To answer your question, I can't think of any more than what has already been said. I'm not sure if this is too advanced or not, but if you're really interested in the evolution of the universe (past and future), I strongly reccomend The Five Ages of the Universe by Fred Adams and Greg Laughlin. A lot of interesting ideas and new theories mentioned about how the universe began and will end...

2003-Feb-19, 09:34 PM
On 2003-02-19 14:37, JS Princeton wrote:
Learn math.

And physics!

(You know how many threads go on and on with the physics. . . ?)

(Grimbling because I don't have to time to study them to really understand what they are saying as I should. . . .)

2003-Feb-19, 09:47 PM
dont laugh.. but i dropped out of my highschool astronomy class...

so much for my dream of becoming a famous astronomer in the field of astrology... maybe I will seek a career in cosmonology or meteorology...


2003-Feb-19, 11:34 PM
Southern Indiana, eh? If the state of Hoosierland science education hasn't gotten any better (and I'm sure it hasn't) then I feel your pain. I grew up in Beanblossom, still have some family in Nashville and Spencer and get down that way to hike and hunt and fish whenever I can. At least you should have some good dark skies, we've got a lot of light pollution here in metro Indy. Any of Timothy Ferris' books are good, NIGHT WATCH by Terence Dickinson was mentioned before, it's excellent as is THE BACKYARD ASTRONOMER'S GUIDE by Dickinson & Dyer. You might check out some of BA's links and look over the Arkansas Sky Observatory site too, it has lots of links http://www.arksky.org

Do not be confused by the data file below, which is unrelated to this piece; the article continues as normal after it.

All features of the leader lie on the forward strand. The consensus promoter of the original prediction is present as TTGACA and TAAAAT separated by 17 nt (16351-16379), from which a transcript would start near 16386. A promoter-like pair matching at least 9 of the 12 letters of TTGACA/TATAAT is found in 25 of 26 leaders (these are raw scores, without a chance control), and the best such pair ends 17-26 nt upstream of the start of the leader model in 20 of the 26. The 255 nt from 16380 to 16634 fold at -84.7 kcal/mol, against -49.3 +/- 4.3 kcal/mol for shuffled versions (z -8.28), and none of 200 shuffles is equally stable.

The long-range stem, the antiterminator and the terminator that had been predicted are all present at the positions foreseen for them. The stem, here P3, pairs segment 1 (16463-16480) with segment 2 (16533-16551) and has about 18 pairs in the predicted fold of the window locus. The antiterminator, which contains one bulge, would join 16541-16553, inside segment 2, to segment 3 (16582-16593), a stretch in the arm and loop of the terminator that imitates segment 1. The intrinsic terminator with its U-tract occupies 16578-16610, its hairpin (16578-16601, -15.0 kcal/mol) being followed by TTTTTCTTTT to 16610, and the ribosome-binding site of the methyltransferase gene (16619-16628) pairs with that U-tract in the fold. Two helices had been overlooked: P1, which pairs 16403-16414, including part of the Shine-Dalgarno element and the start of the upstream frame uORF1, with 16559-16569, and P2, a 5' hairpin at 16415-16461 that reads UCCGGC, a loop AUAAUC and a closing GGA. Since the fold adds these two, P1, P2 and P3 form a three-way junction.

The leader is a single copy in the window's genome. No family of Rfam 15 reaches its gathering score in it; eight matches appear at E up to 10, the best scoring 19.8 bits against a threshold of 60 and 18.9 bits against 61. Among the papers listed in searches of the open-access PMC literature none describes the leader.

Good luck

2003-Feb-20, 11:44 AM
Don't forget Black Holes and Time Warps by Kip Thorne--good layman's description of gravitation and relativity. Thorne was co-author (with the greats Misner and Wheeler) of Gravitation, one of the major texts on the subject.

Principles of Physical Cosmology by P.J.E. Peebles will probably be a bit difficult for you--much of it is difficult for me--but it's a reference which has a lot to offer beginners and which will still offer a lot to pretty advanced students.

Also, use the discussions here as springboards--if you read something that sparks your interest then spend a few hours looking up articles and papers on the Web. Have fun!

(Yes, learn math and physics!)

2003-Feb-20, 07:57 PM
On 2003-02-19 16:47, Resu wrote:
so much for my dream of becoming a famous astronomer in the field of astrology...
From what I've seen, believers in astrology who learn astronomy start to notice all the holes in astrological theory and soon give it up. It's a rare astrologer who can learn that astrology doesn't take the precession of the equinoxes into account, for example, and can still believe in astrology's alleged predictive power.